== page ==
Weekly Check Background
On August 8, I noted Trump Signs 4 Executive Orders, One Requires States Pay 25% of the Cost.
The LWA executive order provided $400 weekly pandemic assistance to the unemployed, retroactive to August 1, but required states to kick in $100 of it. Only West Virginia did.
Effectively, the $400 weekly benefit morphed into $300.
The executive order made up for 50% of the loss of the $600 weekly pandemic assistance benefits that expired on July 25.
Out of Time and Money
The max amount of the Trump's LWA executive order payout was $44 billion.
The money (and the clock) just ran out.
CNET reports the $300 Unemployment Payment Ended in Some States.
Trump's executive memo called for the federal government to supply $300 a week in extra unemployment benefits for six weeks, starting retroactively on Aug. 1. Those states that already received and sent out Lost Wages Assistance (LWA) to unemployment recipients have reached their six weeks, meaning the bonus checks will come to an end soon.
Nevada applied for assistance on Sept. 2 and is waiting for approval, and South Dakota is the only state to choose not to apply for assistance. Arizona was the first state to send out the $300 bonus, on Aug. 17.
Ten State Ending LWA
Six Weeks Have Passed
Six weeks ended on September 5 if payments started on time or were issued retroactively.
Some states with antiquated systems have yet to send out a check.
For those states, it is unclear when the money will be sent, or if it's weekly or in a lump sum.
There will be some people receiving unemployment payments who will not be able to take advantage of additional funding. The US Department of Labor (PDF) on Aug. 11 sent out guidance about the eligibility requirements for the LWA. Claimants would have to be eligible for a minimum $100 from a state's unemployment benefits program to qualify for the additional $300 federal funds. This would disqualify 1 million people, according to the New York Times.
What About Regular State Assistance
Most states provide 26 Weeks of Unemployment Benefits.
Under the CARES Act responding to the COVID-19 pandemic, all states provide 13 additional weeks of federally funded Pandemic Emergency Unemployment Assistance (PEUC) benefits to people who exhaust their regular state benefits, followed by additional weeks of federally funded EB in states with high unemployment (up to 13 or 20 weeks depending on state laws). Under the Act, through the end of this year, some people who exhaust all these benefits, and many others who have lost their jobs for reasons arising from the pandemic but who are not normally eligible for UI in their state, are eligible for Pandemic Unemployment Assistance (PUA). Without new legislation, however, no PEUC or PUA benefits will be paid after December 31, 2020.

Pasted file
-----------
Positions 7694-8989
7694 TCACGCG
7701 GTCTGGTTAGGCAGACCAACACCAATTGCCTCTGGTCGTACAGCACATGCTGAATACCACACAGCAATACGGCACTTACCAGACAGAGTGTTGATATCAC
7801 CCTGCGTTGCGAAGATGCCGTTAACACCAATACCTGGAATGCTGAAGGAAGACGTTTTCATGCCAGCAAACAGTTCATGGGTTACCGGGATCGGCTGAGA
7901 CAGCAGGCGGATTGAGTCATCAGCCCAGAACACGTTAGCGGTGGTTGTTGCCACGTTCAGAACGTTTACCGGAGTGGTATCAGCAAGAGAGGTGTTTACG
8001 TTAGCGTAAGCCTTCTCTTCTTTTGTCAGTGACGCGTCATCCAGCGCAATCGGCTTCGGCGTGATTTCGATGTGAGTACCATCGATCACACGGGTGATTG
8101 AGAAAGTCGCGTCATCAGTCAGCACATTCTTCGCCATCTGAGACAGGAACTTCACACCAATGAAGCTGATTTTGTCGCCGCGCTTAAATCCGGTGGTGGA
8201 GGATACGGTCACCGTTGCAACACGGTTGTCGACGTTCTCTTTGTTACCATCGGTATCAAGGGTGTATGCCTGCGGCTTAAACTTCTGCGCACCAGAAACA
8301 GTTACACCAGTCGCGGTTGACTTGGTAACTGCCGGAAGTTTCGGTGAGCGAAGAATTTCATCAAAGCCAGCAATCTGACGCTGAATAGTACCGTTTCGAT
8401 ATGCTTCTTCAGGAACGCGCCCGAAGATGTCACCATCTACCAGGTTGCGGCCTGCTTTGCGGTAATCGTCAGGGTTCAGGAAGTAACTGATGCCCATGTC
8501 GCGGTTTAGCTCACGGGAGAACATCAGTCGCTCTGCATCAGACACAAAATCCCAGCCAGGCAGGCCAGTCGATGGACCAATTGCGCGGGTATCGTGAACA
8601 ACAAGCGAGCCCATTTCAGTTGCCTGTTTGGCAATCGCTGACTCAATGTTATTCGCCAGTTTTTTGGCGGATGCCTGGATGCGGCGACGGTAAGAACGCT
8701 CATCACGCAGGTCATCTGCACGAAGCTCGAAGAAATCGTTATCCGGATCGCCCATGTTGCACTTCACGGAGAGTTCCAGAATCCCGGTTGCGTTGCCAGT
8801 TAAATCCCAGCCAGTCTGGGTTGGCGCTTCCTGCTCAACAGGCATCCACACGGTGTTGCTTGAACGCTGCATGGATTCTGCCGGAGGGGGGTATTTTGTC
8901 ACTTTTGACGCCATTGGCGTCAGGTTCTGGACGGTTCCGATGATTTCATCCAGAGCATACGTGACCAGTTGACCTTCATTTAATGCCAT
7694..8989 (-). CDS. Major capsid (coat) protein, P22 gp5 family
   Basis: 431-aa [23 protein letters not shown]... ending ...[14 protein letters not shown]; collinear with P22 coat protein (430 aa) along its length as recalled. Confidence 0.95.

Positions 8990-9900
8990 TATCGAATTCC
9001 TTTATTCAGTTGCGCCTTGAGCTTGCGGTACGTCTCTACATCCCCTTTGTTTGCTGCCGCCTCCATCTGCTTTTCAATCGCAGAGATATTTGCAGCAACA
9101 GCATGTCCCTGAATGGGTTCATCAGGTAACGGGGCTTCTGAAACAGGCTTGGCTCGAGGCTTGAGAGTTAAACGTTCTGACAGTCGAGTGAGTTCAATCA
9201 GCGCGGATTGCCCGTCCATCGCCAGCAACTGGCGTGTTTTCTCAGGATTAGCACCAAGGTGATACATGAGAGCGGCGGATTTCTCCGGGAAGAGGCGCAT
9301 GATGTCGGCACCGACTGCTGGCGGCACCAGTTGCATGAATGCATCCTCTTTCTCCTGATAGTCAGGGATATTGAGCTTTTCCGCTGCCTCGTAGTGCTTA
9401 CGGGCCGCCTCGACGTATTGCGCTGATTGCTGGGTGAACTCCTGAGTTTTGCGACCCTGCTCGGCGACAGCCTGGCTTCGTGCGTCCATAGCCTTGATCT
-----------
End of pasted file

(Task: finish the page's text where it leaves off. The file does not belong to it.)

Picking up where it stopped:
Extended Benefits (EB) have triggered on in 46 states plus the District of Columbia, Puerto Rico, and the Virgin Islands. Through the end of 2020, additional weeks of federal benefits are also available.
Click on the above link for an interactive map of benefits.
Notable Exceptions to 26 Weeks Unemployment Insurance
- South Carolina and Missouri provide up to 20 weeks of UI
- Arkansas provides up to 16 weeks of regular benefits
- Alabama currently provides up to 14 weeks of UI for new enrollees, with an additional five-week extension for those enrolled in a state-approved training program
- Florida currently provides up to 12 weeks of UI
- North Carolina currently provides up to 12 weeks of UI
States get 50% of their regular UI in extended benefits with a max at 13 weeks.
Because Florida only offers 12 weeks of UI, Floridians only get another 6 weeks of federally funded extended benefits. North Carolina gets another 9.6 weeks for reasons I don't know.
The extended benefit pays state benefit guidelines. North carolina has a maximum weekly benefit of $350.
Max Benefits Approaching Exhaustion
- Florida: 12 UI + 6 extended + 13 PEUC for a total of 31.
- North Carolina: 12 UI + 9.6 extended + 13 PEUC for a total of 34.6.
- Alabama: 14 UI + 7 extended + 13 PEUC for a total of 34.
Some workers in those states will exhaust all benefits in October.